Results 1 to 2 of 2

Thread Information

Users Browsing this Thread

There are currently 1 users browsing this thread. (0 members and 1 guests)

  1. #1
    Senior Member AirborneSapper7's Avatar
    Join Date
    May 2007
    South West Florida (Behind friendly lines but still in Occupied Territory)

    EU: 70 deaths on ward of shame: Patients neglected by lazy n

    70 deaths on ward of shame: Patients neglected by lazy nurses in a filthy, blood-spattered casualty unit, says damning report

    By Daniel Martin
    Last updated at 12:16 AM on 27th November 2009
    Comments 31

    Dozens of patients died needlessly as a result of filthy conditions in an NHS hospital, a shocking report said last night.

    Appalling nursing care in Basildon University Hospital contributed to a mortality rate that was more than a third higher than the national average.

    At least 70 people may have died who should have been saved.

    It is the latest example of patients paying the ultimate price for Labour's failure to stamp out Third World conditions in the NHS - despite trebling taxpayer funding over the past decade.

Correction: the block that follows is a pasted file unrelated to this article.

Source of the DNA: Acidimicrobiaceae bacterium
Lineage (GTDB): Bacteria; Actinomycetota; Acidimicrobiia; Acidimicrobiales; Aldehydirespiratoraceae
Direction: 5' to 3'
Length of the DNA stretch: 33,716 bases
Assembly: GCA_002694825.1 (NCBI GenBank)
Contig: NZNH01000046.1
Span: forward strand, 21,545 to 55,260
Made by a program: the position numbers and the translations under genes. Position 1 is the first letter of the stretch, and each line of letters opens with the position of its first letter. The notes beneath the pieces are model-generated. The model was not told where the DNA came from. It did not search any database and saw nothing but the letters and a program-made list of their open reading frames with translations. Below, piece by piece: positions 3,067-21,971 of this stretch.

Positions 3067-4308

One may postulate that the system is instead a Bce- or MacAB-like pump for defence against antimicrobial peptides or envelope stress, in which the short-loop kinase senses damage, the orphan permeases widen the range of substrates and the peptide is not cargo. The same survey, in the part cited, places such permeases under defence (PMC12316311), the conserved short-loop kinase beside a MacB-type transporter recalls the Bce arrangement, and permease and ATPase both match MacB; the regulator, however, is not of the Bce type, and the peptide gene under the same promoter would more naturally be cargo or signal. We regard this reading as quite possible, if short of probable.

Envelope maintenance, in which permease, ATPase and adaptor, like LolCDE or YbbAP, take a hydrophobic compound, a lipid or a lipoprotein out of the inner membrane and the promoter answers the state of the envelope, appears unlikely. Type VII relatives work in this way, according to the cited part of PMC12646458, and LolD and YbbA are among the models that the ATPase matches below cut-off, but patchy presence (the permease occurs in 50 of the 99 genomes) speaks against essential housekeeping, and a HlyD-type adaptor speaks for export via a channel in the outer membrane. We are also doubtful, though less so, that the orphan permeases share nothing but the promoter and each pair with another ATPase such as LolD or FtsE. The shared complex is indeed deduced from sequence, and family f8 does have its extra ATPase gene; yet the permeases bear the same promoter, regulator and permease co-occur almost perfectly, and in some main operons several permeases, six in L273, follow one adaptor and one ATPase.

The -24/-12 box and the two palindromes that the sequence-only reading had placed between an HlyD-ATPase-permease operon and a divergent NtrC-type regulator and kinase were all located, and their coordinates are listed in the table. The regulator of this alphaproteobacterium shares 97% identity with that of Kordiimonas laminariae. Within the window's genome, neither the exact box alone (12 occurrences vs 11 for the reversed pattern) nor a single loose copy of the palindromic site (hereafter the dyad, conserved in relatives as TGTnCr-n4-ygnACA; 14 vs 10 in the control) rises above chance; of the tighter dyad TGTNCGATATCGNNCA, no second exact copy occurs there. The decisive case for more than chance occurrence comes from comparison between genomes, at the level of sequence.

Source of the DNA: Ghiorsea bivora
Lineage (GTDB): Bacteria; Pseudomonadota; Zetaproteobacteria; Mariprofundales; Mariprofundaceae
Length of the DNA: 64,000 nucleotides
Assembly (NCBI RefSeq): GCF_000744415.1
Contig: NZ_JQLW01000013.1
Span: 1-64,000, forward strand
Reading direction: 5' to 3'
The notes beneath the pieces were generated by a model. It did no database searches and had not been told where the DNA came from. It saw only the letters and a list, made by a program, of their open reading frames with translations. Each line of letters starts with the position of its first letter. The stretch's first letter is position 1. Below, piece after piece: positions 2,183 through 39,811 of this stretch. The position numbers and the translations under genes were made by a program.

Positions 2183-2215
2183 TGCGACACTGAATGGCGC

Dirty: When inspectors visited the Basildon University Hospital in Essex they found serious breaches in hygiene standards

    The Essex hospital is run by one of the supposedly 'elite' foundation trusts, which have greater freedom to manage their finances. Last night there were angry calls for its entire management team to resign.

    Unannounced visits by inspectors from the Care Quality Commission found blood spattered on curtains and chairs in the A&E ward, a catheter bag on the floor, poorly-trained nurses and patients treated on trolleys.

    A commode was soiled under the seat, nurses were failing to feed frail elderly people and patients had pressure sores.

    There was no paediatric nurse for most of the time so children were not getting the best care.

    The mortality rate in the A&E ward was 6.1 per cent in 2008, more than a third higher than the national average of 4.4 per cent.